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Impact of online education on intern behaviour around joint commission national patient safety goals: a randomised trial
  1. Tim J Shaw1,
  2. Luise I Pernar2,
  3. Sarah E Peyre3,
  4. John F Helfrick4,
  5. Kaitlin R Vogelgesang4,
  6. Erin Graydon-Baker5,
  7. Yves Chretien6,
  8. Elizabeth J Brown4,
  9. James C Nicholson1,
  10. Jeremy J Heit7,
  11. John Patrick T Co8,
  12. Tejal Gandhi7
  1. 1Workforce Education and Development Group, University of Sydney, Sydney, Australia
  2. 2Department of Surgery and Center for Surgery and Public Health, Brigham and Women's Hospital, Boston, Massachusetts, USA
  3. 3The Center for Experiential Learning, University of Rochester Medical Center, Rochester, New York, USA
  4. 4Partners Healthcare International, Boston, Massachusetts, USA
  5. 5York Hospital, York, Maine, USA
  6. 6Harvard Medical School, Boston, Massachusetts, USA
  7. 7Partners Healthcare, Boston, Massachusetts, USA
  8. 8Graduate Medical Education, Partners Healthcare, Boston, Massachusetts, USA
  1. Correspondence to Dr Tim J Shaw, Workforce Education and Development Group, K01, The University of Sydney, NSW 2006, Australia;{at}


Purpose To compare the effectiveness of two types of online learning methodologies for improving the patient-safety behaviours mandated in the Joint Commission National Patient Safety Goals (NPSG).

Methods This randomised controlled trial was conducted in 2010 at Massachusetts General Hospital and Brigham and Women's Hospital (BWH) in Boston USA. Incoming interns were randomised to either receive an online Spaced Education (SE) programme consisting of cases and questions that reinforce over time, or a programme consisting of an online slide show followed by a quiz (SQ). The outcome measures included NPSG-knowledge improvement, NPSG-compliant behaviours in a simulation scenario, self-reported confidence in safety and quality, programme acceptability and programme relevance.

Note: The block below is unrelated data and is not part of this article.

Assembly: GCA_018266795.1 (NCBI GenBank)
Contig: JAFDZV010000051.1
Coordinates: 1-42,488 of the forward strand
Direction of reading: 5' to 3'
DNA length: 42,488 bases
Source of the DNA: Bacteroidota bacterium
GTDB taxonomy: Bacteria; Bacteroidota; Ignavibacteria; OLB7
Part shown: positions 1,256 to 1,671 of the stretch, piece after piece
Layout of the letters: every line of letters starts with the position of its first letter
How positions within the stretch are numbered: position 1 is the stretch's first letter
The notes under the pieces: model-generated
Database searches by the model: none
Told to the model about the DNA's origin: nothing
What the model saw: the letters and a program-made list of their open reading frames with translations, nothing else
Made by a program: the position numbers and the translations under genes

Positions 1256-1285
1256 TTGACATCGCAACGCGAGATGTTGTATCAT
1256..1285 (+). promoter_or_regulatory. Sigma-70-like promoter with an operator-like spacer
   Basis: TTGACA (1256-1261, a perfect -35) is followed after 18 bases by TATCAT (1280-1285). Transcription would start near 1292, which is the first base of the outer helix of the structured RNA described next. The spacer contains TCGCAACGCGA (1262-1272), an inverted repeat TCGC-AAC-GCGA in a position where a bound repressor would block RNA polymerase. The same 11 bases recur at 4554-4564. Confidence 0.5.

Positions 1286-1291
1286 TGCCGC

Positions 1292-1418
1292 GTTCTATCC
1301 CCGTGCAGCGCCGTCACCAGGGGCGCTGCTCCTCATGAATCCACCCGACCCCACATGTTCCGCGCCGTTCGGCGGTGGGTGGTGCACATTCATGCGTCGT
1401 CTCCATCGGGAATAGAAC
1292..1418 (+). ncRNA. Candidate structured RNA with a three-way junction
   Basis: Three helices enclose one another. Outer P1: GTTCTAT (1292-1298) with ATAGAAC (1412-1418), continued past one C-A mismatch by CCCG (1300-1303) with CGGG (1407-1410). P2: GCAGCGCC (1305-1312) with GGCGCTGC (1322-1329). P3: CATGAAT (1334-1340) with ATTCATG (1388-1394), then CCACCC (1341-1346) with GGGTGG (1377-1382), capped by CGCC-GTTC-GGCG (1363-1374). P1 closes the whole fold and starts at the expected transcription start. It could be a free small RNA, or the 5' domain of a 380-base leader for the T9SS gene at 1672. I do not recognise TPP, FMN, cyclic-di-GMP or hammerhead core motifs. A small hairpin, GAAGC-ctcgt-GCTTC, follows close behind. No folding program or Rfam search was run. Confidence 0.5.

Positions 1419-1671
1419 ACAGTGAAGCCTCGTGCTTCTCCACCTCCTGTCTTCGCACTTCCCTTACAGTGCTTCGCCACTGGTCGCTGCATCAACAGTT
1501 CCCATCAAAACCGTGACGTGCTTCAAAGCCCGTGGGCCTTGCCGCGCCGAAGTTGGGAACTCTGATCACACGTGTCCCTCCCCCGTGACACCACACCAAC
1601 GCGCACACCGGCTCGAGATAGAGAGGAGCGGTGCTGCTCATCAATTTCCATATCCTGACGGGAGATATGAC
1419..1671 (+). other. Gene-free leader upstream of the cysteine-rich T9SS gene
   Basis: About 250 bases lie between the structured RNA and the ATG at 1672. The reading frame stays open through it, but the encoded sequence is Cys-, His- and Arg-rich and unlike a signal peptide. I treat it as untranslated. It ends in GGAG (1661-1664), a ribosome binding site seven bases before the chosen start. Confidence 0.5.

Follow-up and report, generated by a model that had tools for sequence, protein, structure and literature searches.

Results Both online learning programmes improved knowledge retention. On four out of seven survey items measuring satisfaction and self-reported confidence, the proportion of SE interns responding positively was significantly higher (p<0.05) than the fraction of SQ interns. SE interns demonstrated a mean 4.79 (36.6%) NPSG-compliant behaviours (out of 13 total), while SQ interns completed a mean 4.17 (32.0%) (p=0.09). Among those in surgical fields, SE interns demonstrated a mean 5.67 (43.6%) NPSG-compliant behaviours, while SQ interns completed a mean 2.33 (17.9%) (p=0.015). Focus group data indicates that SE was more contextually relevant than SQ, and significantly more engaging.

Conclusion While both online methodologies improved knowledge surrounding the NPSG, SE was more contextually relevant to trainees and was engaging. SE impacted more significantly on both self-reported confidence and the behaviour of surgical residents in a simulated scenario.

  • Education
  • graduate
  • safety
  • quality of healthcare
  • graduate medical education
  • health professions education
  • patient safety
  • Information technology
  • medical education
  • continuous quality improvement

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  • All those listed as authors are qualified for authorship, and all who are qualified to be authors are listed as authors on the byline.

  • Funding This project was partially supported by a grant from Partners Healthcare. A small grant was awarded to JH as an intern to fund use of software.

  • Competing interests None.

  • Ethics approval The ethics approval was provided by Partners Institutional Review Board.

  • Provenance and peer review Not commissioned; externally peer reviewed.